Re: Isn’t It Our Job After All?

The beauty and joy of design rests very much in the statement that joh07370 made in the post “When though do we, as designers, take the clients needs and begin to warp them into a design that we feel will produce the better result? After all, isn’t that our job in the end?”

The design profession is one of few career paths in which you actively control the outcome of the product in nearly every stage of it. Doctors can’t say that. If a patient comes in with a defective heart you cannot tell them that you want to do a liver transplant just because you enjoy those more. Lawyers can’t claim it either. If a client comes to them and needs legal advice after they committed a murder, a lawyer cannot change the fact that his/her client killed someone. Professional designers make money by devising solutions to their client’s problems through their own perception of beauty, efficiency, and reason.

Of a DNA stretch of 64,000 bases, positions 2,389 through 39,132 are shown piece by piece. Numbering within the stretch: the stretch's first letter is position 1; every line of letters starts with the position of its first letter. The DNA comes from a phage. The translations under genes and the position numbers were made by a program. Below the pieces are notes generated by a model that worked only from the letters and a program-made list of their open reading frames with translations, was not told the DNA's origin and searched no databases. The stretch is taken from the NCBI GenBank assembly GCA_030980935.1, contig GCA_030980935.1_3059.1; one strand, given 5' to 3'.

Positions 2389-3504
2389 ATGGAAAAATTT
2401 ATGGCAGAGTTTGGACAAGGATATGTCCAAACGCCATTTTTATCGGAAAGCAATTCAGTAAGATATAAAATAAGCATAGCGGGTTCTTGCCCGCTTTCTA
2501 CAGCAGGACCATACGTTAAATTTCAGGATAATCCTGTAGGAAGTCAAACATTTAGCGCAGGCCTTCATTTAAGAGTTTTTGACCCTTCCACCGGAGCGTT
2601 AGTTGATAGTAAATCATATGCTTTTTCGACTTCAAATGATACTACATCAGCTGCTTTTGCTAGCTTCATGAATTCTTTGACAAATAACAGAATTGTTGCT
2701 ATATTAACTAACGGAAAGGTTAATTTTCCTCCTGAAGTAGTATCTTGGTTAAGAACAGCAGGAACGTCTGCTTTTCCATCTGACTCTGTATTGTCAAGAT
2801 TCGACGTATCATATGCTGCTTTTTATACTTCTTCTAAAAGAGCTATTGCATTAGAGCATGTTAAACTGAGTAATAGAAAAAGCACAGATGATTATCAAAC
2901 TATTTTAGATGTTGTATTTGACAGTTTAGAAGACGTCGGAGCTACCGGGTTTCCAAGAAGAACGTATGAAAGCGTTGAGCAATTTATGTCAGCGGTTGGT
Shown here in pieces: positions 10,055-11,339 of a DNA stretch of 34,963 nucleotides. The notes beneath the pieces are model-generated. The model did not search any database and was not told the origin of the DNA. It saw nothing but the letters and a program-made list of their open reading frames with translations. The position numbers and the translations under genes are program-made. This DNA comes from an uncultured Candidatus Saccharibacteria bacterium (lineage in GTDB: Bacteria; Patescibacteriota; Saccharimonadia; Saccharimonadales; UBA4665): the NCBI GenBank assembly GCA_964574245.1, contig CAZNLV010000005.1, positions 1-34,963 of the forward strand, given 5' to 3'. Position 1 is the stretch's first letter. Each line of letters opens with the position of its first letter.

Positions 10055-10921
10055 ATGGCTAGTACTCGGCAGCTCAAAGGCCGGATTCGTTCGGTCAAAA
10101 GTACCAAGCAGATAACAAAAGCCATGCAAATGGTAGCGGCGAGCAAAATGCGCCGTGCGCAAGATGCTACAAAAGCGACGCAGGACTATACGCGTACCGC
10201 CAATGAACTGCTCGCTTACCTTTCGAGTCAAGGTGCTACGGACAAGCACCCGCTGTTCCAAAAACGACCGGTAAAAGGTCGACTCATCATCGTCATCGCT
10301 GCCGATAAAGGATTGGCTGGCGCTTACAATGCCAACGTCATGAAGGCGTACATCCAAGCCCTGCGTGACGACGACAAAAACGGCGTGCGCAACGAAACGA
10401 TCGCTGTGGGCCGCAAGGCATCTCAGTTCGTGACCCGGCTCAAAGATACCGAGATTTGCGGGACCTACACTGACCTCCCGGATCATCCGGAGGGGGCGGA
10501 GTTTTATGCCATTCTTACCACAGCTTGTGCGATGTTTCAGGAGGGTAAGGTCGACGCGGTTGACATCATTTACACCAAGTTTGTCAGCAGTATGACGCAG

This freedom is not always respected nor always appreciated. Creating new design takes progression and experimentation; two words that sound like nails on a chalk board to a lot of the population. Most people would argue the old saying ‘why fix it, if it isn’t broken?’. This is where architecture defies standard and tradition. The Centre Pompidou exhibits this in every respect in that industrialism was seen as something reserved for factories and had never been thought of in the light of an artistic functional commercial space.

As joh07370 noted many people opposed the structure originally stating such opinion as “a ridiculous design that should never be built within its site context.”. To reiterate the blog author’s statement it is the job of designers to warp design to produce a better result. If this never occurred essentially we would be stuck with the same type of building for centuries. Could you imagine New York City or Chicago with log office buildings instead of skyscrapers?

Design creates the progression needed to improve society.

References

1. joh07370. Isn’t It our Job After All? Arch 3150 Architecture in Transformation. University of Minnesota – Twin Cities, 4 December 2012. Blog

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